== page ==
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Eastcliffe Hall was a Great Lakes bulk carrier which sank in the Saint Lawrence Seaway on the morning of 14 July 1970 with the loss of nine crewmen and family members.

History
CanadaCanada
Name: Eastcliffe Hall
Operator: Hall Corporation of Canada
Builder: Canadian Vickers Ltd. of Montreal, Quebec, Canada
Christened: Eastcliffe Hall
Completed: 1954
Fate: wrecked in the Saint Lawrence River, near Morrisburg, Ontario, 14 July 1970
General characteristics
Type: Bulk carrier
Tonnage: 3,335 GRT
Length: 342.5 ft (104.4 m)
Propulsion: Diesel

Contents

HistoryEdit

Eastcliffe Hall was built by Canadian Vickers Limited of Montreal, Quebec, Canada, and used as a cargo ship on the North American Great Lakes. Originally 252.5 feet (77.0 m) in length with gross register tonnage (GRT) of 2,140, she was subsequently lengthened to 342.5 feet (104.4 m) and her tonnage increased to 3,335 GRT, with 5,750 tons deadweight capacity. She was operated by the Hall Corporation and carried a variety of cargoes through the Great Lakes-Saint Lawrence Seaway system.

Last voyageEdit

On her last voyage, Eastcliffe Hall sailed southwest on the Saint Lawrence River from the port of Sorel, Quebec, bound for Saginaw, Michigan, under the command of Captain Richard Groulx, with a cargo of 5,661 long tons (5,752 t) of pig iron ingots and 21 crewmen and family members aboard. After passing Montreal, the ship made her way through the Snell and Eisenhower locks before running aground on the Gooseneck Island shoal in the early morning hours of 14 July. The captain and crew freed the ship from the shoal only to strike another underwater abutment near Crysler Shoal a short time later. The captain was repeatedly told that the ship had run aground but he refused to believe it. At one point, he remarked "It's alright. Apparently there is no damage to my barge". This was the final message received from Captain Groulx.[1] The ship sank near Morrisburg, Ontario, in three minutes in about 70 feet (21.3 m) of water with the loss of the captain, his son Alain, and seven others, including engineer William Demers, his wife Jacqueline, and their six-year-old daughter Nathalie.[2] Two of the surviving crew members reported that the ship sank so fast that the inrush of current compressed the air in the engine room so much that it blasted them through a hole in the skylight.[3] The surviving crew members clung to wreckage until being rescued. The Canadian and United States Coast Guards rescued 12 crew members.[4]

Inquiry into sinkingEdit

On 26 August 1970 an official inquiry was begun to determine the cause of the ship's sinking. The inquiry was presided by Judge Francois Chevalier of Hull, Quebec, a justice of the Superior Court of Quebec. The inquiry was requested by Canadian Minister of Transport Don Jamieson.[5]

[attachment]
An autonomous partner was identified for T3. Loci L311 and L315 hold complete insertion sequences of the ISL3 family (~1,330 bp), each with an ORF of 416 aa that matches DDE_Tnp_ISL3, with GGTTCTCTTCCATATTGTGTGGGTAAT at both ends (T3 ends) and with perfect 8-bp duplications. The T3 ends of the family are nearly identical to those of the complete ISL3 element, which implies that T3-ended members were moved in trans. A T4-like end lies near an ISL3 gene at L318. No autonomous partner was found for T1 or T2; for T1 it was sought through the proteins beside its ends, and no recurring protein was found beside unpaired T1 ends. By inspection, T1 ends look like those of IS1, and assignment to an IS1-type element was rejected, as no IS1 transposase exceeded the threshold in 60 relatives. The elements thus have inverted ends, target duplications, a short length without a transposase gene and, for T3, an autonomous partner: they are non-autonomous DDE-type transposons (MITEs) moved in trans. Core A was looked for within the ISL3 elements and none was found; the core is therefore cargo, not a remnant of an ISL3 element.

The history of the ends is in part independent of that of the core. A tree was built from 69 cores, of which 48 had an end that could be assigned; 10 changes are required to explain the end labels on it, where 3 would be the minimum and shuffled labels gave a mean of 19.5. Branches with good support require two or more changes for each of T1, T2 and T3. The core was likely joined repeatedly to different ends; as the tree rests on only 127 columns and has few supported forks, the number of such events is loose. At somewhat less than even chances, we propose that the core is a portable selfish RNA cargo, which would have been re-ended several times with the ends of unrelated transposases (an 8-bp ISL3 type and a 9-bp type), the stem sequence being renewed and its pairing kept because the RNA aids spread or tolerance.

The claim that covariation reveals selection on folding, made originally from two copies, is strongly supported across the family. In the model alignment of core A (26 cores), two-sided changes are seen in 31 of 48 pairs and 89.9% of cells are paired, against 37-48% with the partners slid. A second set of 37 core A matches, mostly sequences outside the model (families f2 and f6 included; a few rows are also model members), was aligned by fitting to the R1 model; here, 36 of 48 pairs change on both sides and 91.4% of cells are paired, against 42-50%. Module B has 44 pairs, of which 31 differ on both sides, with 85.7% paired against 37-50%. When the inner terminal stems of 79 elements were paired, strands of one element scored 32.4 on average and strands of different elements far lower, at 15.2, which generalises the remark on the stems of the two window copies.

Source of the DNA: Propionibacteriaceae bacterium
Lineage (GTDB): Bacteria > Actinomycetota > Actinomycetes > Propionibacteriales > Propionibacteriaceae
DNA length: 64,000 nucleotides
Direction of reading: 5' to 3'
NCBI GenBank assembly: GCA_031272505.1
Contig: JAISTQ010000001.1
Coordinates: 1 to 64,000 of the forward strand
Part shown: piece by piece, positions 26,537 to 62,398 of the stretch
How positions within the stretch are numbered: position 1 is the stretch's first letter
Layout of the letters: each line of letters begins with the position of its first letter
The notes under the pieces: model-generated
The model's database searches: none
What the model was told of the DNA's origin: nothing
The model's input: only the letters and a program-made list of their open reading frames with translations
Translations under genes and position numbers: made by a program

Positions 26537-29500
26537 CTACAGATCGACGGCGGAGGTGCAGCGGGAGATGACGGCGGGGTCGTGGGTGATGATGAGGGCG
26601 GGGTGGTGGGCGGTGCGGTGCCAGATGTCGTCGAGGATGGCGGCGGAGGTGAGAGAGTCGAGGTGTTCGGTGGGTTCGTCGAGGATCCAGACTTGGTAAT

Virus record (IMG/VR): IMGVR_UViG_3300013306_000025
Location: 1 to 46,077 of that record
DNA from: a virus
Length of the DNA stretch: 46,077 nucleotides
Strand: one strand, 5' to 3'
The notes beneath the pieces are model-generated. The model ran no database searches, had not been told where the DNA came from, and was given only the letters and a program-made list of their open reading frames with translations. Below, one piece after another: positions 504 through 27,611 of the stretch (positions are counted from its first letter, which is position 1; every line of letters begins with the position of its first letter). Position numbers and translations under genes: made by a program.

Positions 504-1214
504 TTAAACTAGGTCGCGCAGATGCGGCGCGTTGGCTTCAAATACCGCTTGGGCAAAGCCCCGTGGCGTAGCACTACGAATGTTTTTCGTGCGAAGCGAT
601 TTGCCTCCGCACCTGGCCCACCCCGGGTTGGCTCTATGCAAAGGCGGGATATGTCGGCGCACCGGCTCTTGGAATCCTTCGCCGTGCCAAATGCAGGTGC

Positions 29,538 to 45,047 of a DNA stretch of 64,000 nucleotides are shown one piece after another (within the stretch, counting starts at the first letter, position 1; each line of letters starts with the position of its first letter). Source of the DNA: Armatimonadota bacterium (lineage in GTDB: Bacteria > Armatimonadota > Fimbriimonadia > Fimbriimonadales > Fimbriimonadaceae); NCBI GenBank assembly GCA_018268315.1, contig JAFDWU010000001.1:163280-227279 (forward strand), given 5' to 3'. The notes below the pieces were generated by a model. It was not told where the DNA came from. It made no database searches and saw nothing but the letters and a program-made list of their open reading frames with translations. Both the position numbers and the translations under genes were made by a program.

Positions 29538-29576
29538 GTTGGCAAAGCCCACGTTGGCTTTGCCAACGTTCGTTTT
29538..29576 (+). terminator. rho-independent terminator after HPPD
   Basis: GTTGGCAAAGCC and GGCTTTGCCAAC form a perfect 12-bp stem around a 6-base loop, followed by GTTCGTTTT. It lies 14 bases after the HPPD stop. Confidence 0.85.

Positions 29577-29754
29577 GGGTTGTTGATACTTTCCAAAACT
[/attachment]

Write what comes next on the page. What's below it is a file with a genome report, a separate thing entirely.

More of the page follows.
During the inquiry, it was revealed that blood tests from the body of the captain revealed a high blood alcohol content, 360 milligrams per 100 millilitres of alcohol or 0.36 percent weight by volume. This was concluded by chemist John Howes, employed by the Centre for Forensic Sciences, University of Toronto, who conducted the testing and informed the inquiry of the high alcohol content in the captain's body. Howes was quoted as saying, "There would be every indication of mental and physical drunkenness in the average person. The average person would be nearly unconscious. They would have difficulty walking, talking, muscular coordination and seeing... He wouldn't be able to act immediately to an emergency. It is possible he might not react at all." [6]

The inquiry concluded with a 49-page report wherein Justice Chevalier concluded that the sinking of Eastcliffe Hall was due to the captain's "state of plain drunkenness". Justice Chevalier also noted, "That the ship and all its contents, cargo, and human beings were in the hands of a blind man who did not know where he was nor what he was doing." [7]

ShipwreckEdit

Following the sinking, Eastcliffe Hall's protruding masts and cargo were removed and the forward superstructure was dynamited back into the forward hold to clear the site as a navigational hazard. Though the surface currents are quick, the ship has since become a popular destination for recreational divers.

ReferencesEdit

  1. ^ McCormick, Christy (27 August 1970). "Captain Wouldn't Believe Eastcliffe Hall was Aground" (p.3. Final Edition). The Montreal Gazette.
  2. ^ "'We really hit hard': survivor". Ottawa Citizen. 15 July 1970.
  3. ^ Times Wire Services (15 July 1970). "9 Feared Dead as Ship Sinks" (p. 3A Vol 86. No 356). St. Petersburg Times.
  4. ^ (CP) (21 Nov 1970). "Freighter 'In Hands of Blind Man'" (p.35 Final Saturday Edition). The Montreal Gazette.
  5. ^ Ottawa Journal, 26 August 1970. p. 5 "Doomed Captain Thought Ship Safe"
  6. ^ (CP) (1 September 1970). "Captain's Alcohol Level that of Drunk -- Witness" (222). The Ottawa Journal.
  7. ^ (AP) (23 November 1970). "Captain's Drunkenness Blamed for Sinking" (P. 3 32nd Year, Number 3). Ironwood Daily Globe.